Legislators can impose time lags between the initial enquiry regarding a complex product which might contain hidden risks, such as a mortgage, and the decision to go ahead with the transaction. Mandated delays are also called deliberation tools as they force individuals to think more deeply about the impact of a decision, and hence reveal their deep (rather than superficial) preferences – such as for healthy food rather than for junk food. This could take the form of an imposed delay before the purchase, or a cooling off period after the purchase.
Given what behavioural economists have suggested about status quo bias and inertia, cooling-off periods are more likely to be the favour of the seller as once the contract has been signed, the probability of a change of mind will fall.
Creating a default which favours ‘good’ over ‘bad’ choices enables policy makers to manipulate decisions to help individuals make more rational choices. Defaults are said to work best (Sunstein, 2013) when the individual has no particular preference. For example, if individuals have no particular preference about whether they have drinks sweetened with natural, calorific, sugars or artificial sweeteners, then the default option could be switched to the no-sugar option. Similarly, a café could be forced to switch its default option for milk to ‘skinny’ rather than, as is usually the case, the ‘full fat’ option.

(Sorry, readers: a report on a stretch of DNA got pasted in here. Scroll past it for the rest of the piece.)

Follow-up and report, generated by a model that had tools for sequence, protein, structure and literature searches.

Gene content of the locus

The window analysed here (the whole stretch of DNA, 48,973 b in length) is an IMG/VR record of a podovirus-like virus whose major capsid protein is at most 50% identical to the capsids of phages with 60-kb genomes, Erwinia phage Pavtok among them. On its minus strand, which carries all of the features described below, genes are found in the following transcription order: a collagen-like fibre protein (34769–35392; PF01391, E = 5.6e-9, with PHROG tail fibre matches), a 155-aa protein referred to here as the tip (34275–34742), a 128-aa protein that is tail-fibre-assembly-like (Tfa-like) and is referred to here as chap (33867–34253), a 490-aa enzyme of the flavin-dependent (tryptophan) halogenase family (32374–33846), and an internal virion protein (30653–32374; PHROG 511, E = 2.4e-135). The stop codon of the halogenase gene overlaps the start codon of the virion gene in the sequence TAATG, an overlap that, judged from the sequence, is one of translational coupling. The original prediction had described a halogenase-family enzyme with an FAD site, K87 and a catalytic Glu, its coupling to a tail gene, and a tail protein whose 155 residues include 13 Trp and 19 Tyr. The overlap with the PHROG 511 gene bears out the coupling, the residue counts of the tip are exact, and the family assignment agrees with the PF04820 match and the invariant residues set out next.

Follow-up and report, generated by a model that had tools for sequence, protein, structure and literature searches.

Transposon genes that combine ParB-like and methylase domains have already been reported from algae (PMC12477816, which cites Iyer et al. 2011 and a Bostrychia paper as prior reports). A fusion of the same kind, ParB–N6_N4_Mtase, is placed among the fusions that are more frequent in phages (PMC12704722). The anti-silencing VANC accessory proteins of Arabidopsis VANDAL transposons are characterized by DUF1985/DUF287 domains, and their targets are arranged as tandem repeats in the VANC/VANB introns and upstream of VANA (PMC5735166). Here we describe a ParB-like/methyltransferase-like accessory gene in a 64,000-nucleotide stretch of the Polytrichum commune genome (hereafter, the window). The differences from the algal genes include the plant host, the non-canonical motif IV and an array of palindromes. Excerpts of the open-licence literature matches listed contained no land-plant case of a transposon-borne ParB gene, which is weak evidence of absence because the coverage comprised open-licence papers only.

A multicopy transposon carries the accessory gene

Since the publication of Nudge, governments around the world have sought ways to implement the ideas behind behavioural economics. In the US, the appointment in 2009 of one of behavioural economics founding fathers, Cass Sunstein, as head of the White House Office of Information and Regulatory Affairs (the so-called Regulation Czar) is evidence of the popularity of employing the techniques of behavioural economics in public policy.
New York Mayor Bloomberg has been an active advocate of state involvement into behavioural design programmes in a whole range of areas, from fitness to road safety.
See City Lab video
The UK’s Nudge Unit
The UK’s nudge unit (the Cabinet Office’s Behavioural Insights Team) was set up in 2010 to test and implement public policy based on the theories of behavioural economics – especially the idea of behaviour nudging. Using the principles of experimentation, several projects were instigated to help improve the performance of government departments and schemes, including one experiment with job centres. Based on their trials the nudge unit recommended a change to how job seekers were dealt with (i.e. a change to the choice architecture), including meeting an advisor on their first visit, and creating a plan for their next two week period (which would stimulate System 2 thinking and reduce various biases shaping jobseekers views on the likelihood of obtaining work). The effect was that, after around 3 months the group that were subject to the new system were some 20% less likely to be claiming benefits compared with the control group.
In the UK, collaboration between Warwick Business School and the Design Council to create the Behavioural Design Lab is one example of ongoing research into the practical application of behavioural psychology to public policy.
Of course, critics argue that behavioural economics has been somewhat ‘over-hyped’ and should not be seen as providing a replacement for more traditional policy interventions, including taxes and subsidies.